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In their eyes

Arab women photographers lift the shroud of the Muslim world

Susan Saccoccia | 9/12/2013, 6 a.m.

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Photo courtesy of Rula Halawani and Selma Feriani Gallery London and supplied by the Museum of Fine Arts, Boston

“Untitled XIII,” 2002 pigment print by Rula Halawani.

Young newlyweds gaze at the viewer from their beribboned wreck of a car, which stands alone in a battlefield. Iranian Gohar Dashti’s droll, staged photograph of life in a time of war is one of the many memorable works in a new exhibit at the Museum of Fine Arts, Boston, She Who Tells a Story: Women Photographers from Iran and the Arab World.

On view through January 2014 and curated by Kristen Gresh, who also created the show’s handsome catalog, the exhibition presents 100 works by 12 contemporary Arab and Iranian women photographers.

Countering clichéd Western views of women in Arabian cultures as submissive, shrouded and oppressed, these artists tell their own stories. Their works are art, but not for its own sake. Instead, the images are potent distillations of human experience, urgent as well as spectacular.

Drawing its title from the name of an artists’ collective, rawiya, an Arabian word that means “she who tells a story,” Gresh organizes the works into three groups: Deconstructing Orientalism, Constructing Identities, and New Documentary. The images explore such themes as gender power, the toll of war, gaps between the old and new and the struggle to carry on ordinary life in a war zone.

While all 12 artists were born in the Middle East, some currently live in the Europe or the United States. Only two are in their 50s and both of those live in New York: Shirin Neshat and Lalla Essaydi.

Inspired by a visit to Iran after the 1979 Revolution turned her formerly secular native country into a theocracy, Neshat’s pioneering work asserts the power of Iranian women through traditional Farsi imagery.

 A still from her 1998 video installation “Turbulent,” which won the Gold Lion at the 1999 Venice Biennale, shows a female singer holding a microphone, her face covered with the words of young Iranian women handwritten in delicate Persian script.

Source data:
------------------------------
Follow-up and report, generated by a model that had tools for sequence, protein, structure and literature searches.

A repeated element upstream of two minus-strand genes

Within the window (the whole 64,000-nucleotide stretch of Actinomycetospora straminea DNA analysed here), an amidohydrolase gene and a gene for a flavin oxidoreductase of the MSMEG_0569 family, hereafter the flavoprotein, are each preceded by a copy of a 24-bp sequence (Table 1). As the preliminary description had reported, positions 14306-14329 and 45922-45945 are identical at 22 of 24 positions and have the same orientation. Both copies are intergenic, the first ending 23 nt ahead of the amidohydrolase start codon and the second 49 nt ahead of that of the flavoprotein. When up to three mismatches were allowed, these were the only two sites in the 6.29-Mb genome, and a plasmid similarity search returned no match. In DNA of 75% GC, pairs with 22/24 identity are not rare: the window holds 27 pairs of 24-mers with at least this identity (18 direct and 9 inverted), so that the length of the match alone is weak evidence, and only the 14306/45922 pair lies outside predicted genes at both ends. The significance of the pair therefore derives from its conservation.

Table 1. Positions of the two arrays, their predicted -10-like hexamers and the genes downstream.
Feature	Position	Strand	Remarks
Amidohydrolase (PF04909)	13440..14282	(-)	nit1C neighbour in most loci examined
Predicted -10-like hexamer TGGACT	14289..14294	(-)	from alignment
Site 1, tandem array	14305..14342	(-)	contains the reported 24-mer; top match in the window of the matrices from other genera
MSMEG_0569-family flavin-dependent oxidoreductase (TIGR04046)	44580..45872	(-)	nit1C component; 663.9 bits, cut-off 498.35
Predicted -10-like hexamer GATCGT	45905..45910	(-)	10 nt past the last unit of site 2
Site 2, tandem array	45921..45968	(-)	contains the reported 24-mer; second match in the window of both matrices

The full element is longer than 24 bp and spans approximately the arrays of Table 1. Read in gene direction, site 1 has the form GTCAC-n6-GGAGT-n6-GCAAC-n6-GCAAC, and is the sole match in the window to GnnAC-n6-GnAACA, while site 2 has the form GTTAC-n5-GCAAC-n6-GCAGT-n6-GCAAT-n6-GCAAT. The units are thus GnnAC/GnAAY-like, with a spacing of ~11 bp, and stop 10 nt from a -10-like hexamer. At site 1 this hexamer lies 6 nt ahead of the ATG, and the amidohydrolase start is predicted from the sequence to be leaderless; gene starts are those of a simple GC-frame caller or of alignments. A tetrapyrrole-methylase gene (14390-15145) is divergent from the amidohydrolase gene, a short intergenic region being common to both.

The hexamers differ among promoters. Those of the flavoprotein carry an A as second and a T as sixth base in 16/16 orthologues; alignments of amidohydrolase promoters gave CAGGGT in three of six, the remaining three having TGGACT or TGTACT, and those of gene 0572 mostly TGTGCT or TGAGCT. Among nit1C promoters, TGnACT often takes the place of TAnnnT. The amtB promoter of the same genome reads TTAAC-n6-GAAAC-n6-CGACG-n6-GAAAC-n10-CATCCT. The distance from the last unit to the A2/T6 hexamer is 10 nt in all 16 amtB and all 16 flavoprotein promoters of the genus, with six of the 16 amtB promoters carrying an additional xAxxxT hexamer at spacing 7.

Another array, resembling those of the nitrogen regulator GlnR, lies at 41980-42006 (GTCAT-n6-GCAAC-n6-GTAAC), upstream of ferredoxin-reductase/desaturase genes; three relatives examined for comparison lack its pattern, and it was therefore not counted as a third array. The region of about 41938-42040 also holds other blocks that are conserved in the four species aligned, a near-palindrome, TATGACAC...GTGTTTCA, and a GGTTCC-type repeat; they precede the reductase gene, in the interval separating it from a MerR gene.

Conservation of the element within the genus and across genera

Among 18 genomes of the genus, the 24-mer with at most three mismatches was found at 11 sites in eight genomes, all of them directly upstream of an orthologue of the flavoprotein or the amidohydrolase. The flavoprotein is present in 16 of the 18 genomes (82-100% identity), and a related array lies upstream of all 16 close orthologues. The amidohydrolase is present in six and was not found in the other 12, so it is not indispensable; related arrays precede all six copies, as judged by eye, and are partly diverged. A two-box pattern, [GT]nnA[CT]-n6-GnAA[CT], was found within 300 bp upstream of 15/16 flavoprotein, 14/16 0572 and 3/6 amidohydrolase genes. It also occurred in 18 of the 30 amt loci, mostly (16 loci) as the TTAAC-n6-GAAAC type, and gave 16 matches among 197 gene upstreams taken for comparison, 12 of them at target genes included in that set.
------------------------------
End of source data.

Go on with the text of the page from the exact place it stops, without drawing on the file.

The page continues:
Under Islamic rule, female singers cannot record or perform in public. But in Neshat’s film, male and female singers are equals. Appearing on opposite screens, the two seem to face each other. He performs first, before a male audience, singing verses by 13th century Sufi poet Rumi. She sings alone, in an empty hall. As his veiled female counterpart chants Islamic verses in wild, incantatory cries, the man’s face becomes a study in awe.

Morocco native Essaydi also takes up the traditionally male tool of Islamic calligraphy, applying it directly to her models and their clothing. Her 2012 tryptich “Bullets Revisited #3” is both alluring and ironic, enfolding a supine woman in a shimmering backdrop composed of metal bullet casings.  

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Photo courtesy of Miller Yezerski Gallery Boston and Edwynn Houk Gallery New York City

“Bullets Revisited #3,” three chromogenic prints on aluminum by Lalla Essaydi.

In her 2010 series “Listen,” Newsha Tavakolian of Tehran portrays six Iranian singers who, as women, are denied recordings and audiences. She creates for each an imaginary CD cover — one emerges from the sea like an Arabian Venus, a poignant image of freedom. In soundless video clips, she shows each woman singing.

Slit-eyed black niqabs gradually engulf a mother, daughter and doll over the course of nine photos in a 2010 series by Boushra Almutawakel, who lives in both Paris and Sana’a, Yemen. At first the artist shows herself, her child and the doll in sunny headscarves. The ninth photo is simply a black shroud.